No matter what age you are, most people inherently feel the need to belong to something and to be accepted by society, and the same goes for those with Autism Spectrum Disorder (ASD). However, in our case, this tends to be a little bit harder, so we tend to rely on a coping mechanism called “social masking” or camouflaging in order to keep up appearances. This can be emotionally and mentally exhausting for us, but more often than not, we feel that it is necessary in order to blend in with our colleagues and friends. Another coping mechanism that we also use is imitation, and I believe that this one is more prevalent in the teenage and young adult years, especially if you are still figuring out and finding your true self. In this post, I hope to explain both what camouflaging or social masking and what imitation is when it comes to being on the spectrum, and I hope that you will be able to glean some insight as I also reflect on my own experiences with it.
Unlike some, I have never really bitten by the travel bug hard enough that I really do save up to travel. The last time I traveled via airplane was two years ago, and more often than not, I end up going on day trips with either family or friends. These trips are usually food trips or cultural and historical trips, but more often than not, I go on day trips to just escape the hustle and bustle of the city and to spend quality time with people that I love and care about. However, regardless of whether its a short or a long trip, there will always be some issues that one ends up facing. It may be the same issue, or it could be a completely different one. So, because of the quick holiday getaway that my family and I just had, I decided that whenever we go on a trip, be it overnight or a short day trip, I will be writing about the experience here, and talk about some of the difficulties that I experienced and how I dealt with it.
Aside from finding time to relax and unwind, another way to unwind and recharge from all the stresses at work is to take advantage of vacation leaves or long weekend holidays. Whether it is just a day trip, overnight trip, or a fun trip abroad, traveling is a great way to take a vacation, even though it may be tiring at times. In line with this, I decided to compile a list of helpful tips that might help aspie adults when it comes to going on a trip for vacation.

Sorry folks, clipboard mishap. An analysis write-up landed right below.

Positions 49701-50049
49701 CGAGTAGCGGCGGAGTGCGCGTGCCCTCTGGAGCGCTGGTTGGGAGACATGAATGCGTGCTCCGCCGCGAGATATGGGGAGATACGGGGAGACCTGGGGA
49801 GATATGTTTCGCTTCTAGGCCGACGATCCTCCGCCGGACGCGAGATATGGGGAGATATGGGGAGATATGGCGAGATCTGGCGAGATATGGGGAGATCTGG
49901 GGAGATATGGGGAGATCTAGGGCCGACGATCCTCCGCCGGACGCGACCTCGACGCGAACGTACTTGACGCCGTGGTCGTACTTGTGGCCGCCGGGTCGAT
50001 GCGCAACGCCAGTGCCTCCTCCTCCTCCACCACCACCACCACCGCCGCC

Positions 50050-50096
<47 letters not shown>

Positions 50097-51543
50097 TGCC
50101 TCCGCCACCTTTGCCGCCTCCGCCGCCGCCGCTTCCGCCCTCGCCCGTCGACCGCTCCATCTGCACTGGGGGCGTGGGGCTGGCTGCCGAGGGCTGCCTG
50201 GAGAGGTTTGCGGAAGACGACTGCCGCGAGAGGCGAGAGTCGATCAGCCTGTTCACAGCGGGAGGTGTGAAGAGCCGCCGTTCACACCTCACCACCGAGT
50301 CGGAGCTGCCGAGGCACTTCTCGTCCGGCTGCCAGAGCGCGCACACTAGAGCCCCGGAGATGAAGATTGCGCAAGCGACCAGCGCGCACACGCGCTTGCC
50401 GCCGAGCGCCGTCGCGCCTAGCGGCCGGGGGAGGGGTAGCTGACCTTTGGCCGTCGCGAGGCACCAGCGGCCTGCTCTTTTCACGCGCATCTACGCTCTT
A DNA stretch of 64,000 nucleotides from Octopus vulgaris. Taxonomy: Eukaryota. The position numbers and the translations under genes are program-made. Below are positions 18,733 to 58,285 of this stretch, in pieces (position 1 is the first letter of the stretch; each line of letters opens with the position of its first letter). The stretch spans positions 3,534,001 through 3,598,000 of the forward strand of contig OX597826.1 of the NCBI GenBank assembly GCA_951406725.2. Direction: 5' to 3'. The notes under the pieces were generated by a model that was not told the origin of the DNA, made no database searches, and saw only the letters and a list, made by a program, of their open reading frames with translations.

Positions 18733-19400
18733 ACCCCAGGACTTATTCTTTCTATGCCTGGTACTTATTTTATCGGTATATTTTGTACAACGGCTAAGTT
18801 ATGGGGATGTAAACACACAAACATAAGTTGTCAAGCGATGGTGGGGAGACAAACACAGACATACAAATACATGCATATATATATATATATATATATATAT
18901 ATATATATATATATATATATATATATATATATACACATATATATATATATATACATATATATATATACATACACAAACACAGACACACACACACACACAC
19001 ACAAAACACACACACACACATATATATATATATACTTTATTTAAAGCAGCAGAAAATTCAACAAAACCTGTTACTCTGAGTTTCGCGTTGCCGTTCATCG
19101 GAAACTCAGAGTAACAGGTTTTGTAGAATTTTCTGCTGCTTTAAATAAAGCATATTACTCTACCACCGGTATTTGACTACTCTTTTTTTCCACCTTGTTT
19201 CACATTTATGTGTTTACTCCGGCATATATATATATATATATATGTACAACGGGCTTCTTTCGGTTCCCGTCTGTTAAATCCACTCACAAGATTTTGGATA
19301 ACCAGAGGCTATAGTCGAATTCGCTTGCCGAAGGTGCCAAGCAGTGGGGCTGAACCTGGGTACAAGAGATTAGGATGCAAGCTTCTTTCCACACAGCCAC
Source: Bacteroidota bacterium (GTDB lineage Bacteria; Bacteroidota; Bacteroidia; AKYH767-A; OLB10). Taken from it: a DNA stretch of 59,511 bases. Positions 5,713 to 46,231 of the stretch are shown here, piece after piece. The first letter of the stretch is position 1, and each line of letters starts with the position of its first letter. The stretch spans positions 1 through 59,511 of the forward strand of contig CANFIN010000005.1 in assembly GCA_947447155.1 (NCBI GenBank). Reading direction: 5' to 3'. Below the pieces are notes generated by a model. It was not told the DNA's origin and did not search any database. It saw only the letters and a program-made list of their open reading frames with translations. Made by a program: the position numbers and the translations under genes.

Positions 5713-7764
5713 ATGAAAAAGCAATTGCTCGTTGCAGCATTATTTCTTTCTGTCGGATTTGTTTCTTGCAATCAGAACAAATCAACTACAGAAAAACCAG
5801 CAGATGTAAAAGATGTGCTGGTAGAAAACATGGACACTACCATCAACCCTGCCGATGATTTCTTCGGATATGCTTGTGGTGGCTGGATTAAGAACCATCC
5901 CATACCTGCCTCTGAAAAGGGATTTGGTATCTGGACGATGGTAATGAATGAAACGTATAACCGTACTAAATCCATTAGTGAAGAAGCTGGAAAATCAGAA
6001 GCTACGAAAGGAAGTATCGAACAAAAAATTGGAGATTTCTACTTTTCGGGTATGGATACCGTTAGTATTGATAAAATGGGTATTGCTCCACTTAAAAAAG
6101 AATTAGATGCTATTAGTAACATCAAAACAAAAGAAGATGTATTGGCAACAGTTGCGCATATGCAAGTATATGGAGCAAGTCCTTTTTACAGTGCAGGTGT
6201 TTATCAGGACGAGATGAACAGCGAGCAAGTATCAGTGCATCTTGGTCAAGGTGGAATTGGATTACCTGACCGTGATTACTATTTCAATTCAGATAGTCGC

In the past few years, there has been a big shift in the way people think about mental health, and there has been more conversations happening about it, and many are becoming more comfortable about talking about it as well. While those in the Philippines are not as open about talking about mental health as compared to those in an international setting, it is good that mental health is being talked about more today here. This can be seen in the fact that last Saturday, April 28, 2018, the first ever Mental Health Blogathon was held at the Art Cube Gallery in Makati City.
As Autism Acceptance Month is coming to a close, I will also be bringing my first Autism in Film series to a close. I had a difficult time choosing what my last film for this month’s series would be, but ended up choosing “My Name is Khan”, a movie that I have actually heard about quite a lot.
Most of my entries for this Autism in Film series for Autism Acceptance Month have mostly been about fictional representations of autism and Asperger’s Syndrome in movies. This time around, let’s shift gears and take a peek at a documentary that is also quite special to me- “Asperger’s Are Us”.
For my third film review for this film review series I am currently doing in honor of Autism Acceptance Month, I decided to check out a movie that I have been wanting to watch when I first heard about it, and recently piqued my interest again after seeing a short scene and after realizing that the protagonist might be on the spectrum.